November 03, 2012
In Arakan########Coincidental to the holy days of Eidul Azha, Rohingya Muslims of Burma became victim to yet another outbreak of violence over the past week. They were killed, their houses put on fire, forcing them to flee to the refugee camps set up by the United Nations on the border with Bangladesh. The Burmese government has put the death toll at 84 and said 129 were injured in nine stricken towns of the Rakhine state. But the New York-based Human Rights Watch says true death toll may be far higher.
The satellite images released by the Watch show the Muslim-majority Kyank Pyu town’s bustling harbour a ‘charred desolation’. Some 800 residential units including houseboats were burnt by the vandals, who arrived at some places in the guise of firemen, but to quench fires they ‘poured petrol instead of water’, an affected resident said – as the police looked the other way if it had not joined these firemen. A report also said that as the fear-stricken people were fleeing the harbour by boat a Burmese naval craft struck and thus ‘those fled by boat have died on the sea’. Given the imposition of curfew curtailing accessibility, the government-conducted a media trip to the blighted areas reveals only half truth. The whole truth about the grim tragic events over the week may never be known. But the ‘scale of exodus speaks of horrors on the ground’. Since Bangladesh refuses to take more Rohingya refugees the UN agency is now beset with a profound problem of providing shelter to another 22,000 refugees in the packed to the brim camps.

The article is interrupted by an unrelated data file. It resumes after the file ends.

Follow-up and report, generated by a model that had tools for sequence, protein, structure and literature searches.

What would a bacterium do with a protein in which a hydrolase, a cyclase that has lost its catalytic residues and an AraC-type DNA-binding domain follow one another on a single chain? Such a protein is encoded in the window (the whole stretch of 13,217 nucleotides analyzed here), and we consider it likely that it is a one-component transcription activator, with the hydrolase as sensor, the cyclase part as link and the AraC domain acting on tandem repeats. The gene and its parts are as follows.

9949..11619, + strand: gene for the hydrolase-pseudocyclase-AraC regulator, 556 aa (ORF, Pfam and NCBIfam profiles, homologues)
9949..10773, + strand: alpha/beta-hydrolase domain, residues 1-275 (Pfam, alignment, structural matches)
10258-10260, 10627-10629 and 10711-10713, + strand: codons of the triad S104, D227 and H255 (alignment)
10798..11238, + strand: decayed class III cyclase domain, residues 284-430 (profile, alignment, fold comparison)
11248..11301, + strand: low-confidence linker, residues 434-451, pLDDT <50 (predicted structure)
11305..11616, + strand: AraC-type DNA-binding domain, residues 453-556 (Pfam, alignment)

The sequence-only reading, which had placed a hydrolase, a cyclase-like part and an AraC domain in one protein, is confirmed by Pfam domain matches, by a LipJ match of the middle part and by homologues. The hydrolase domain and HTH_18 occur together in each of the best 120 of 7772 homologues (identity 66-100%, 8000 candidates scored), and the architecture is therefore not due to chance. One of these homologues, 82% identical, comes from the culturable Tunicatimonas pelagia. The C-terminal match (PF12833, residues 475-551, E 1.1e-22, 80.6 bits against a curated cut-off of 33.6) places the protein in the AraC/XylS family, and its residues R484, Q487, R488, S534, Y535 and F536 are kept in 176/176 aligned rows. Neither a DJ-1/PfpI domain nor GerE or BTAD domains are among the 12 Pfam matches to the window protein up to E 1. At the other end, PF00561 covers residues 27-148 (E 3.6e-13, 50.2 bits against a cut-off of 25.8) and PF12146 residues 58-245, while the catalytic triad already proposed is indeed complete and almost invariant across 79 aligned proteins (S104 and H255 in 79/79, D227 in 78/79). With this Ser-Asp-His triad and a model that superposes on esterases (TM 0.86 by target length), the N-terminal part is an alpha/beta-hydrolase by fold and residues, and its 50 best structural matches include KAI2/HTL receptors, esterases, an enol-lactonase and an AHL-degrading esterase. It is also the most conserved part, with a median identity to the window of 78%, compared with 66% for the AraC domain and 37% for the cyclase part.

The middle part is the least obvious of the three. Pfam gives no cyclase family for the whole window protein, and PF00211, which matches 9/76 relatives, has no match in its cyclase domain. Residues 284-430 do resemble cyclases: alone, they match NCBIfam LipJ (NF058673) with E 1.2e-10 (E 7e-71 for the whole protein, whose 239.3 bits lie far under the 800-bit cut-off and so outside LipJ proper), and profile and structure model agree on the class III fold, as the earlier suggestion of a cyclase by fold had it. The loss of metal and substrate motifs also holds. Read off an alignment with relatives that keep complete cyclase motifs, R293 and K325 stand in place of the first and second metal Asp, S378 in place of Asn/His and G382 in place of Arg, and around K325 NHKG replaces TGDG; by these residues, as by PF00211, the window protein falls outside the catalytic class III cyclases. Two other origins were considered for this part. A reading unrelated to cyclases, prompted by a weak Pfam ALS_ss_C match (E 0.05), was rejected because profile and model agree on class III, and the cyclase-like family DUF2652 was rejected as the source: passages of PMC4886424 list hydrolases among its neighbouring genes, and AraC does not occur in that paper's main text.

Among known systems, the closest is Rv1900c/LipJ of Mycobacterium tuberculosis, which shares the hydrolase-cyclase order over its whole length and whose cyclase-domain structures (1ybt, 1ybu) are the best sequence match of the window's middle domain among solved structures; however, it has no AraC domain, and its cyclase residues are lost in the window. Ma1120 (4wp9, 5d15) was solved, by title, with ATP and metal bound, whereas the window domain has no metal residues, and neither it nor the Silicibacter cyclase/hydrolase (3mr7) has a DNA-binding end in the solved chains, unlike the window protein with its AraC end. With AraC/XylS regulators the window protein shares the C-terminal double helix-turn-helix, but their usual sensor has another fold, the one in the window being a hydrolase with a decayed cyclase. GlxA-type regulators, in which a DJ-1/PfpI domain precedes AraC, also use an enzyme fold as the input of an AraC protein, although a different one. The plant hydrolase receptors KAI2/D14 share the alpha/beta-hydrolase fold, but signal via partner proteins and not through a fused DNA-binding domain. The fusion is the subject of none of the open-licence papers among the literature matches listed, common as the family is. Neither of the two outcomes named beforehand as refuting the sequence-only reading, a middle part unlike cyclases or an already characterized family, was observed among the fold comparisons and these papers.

That such a human tragedy keeps visiting the world conscience and nothing moves is all the more tragic. When Burma shed its pariah label by returning to democratic process it was hoped that Rohingyas would get some relief. Then it was Aung San Suu Kyi’s release from long incarceration that stirred the hopes of persecuted minority, but there was no relief. In fact, the opposite seems to have happened; her joining the political process lent the military regime its much-needed international legitimacy. The Nobel Peace Prize winner’s consistent silence over the lingering plight of Rohingyas tends to show her in a different colour in the Muslim world than her iconic image in the West. As leader of opposition in the Burmese parliament she may not have much clout, but she is ambiguous and equivocal while a minority community is being wiped out; it’s disturbing if not intriguing. As to how complicit is the Burmese government the Human Rights Watch accuses the government of “both failing to intervene to stop sectarian violence and directly participating in abuses”. And the government would not let any body from outside to help the hapless, defenseless Rohingyas. According to BBC, it is President Thein Sein who “blocked” the Organisation of Islamic Conference (OIC) to open an office to help Muslims in distress in their visibly blighted and battered homeland.
To the West he may be the “Burmese Gorbachev” – for his moves to his country out of Chinese sphere of influence – but for the OIC the abiding interest should be protection of life and property of Muslims in that country. The present-day Rohingyas descend from the Arab-origin seafarers and traders who settled along Burma’s seaboard some seven hundred years ago. That after seven centuries of their uninterrupted citizenship, in 1984, the military junta excluded them from the list of 135 ethnic communities and thus deprived them of citizenship and basic rights. The United Nations describes the Rohingyas as a persecuted religious and linguistic minority – as against the Burmese government’s claim they are relatively recent migrants. We hope and expect the international community to stop this ethnic cleansing by defeating this racist mindset.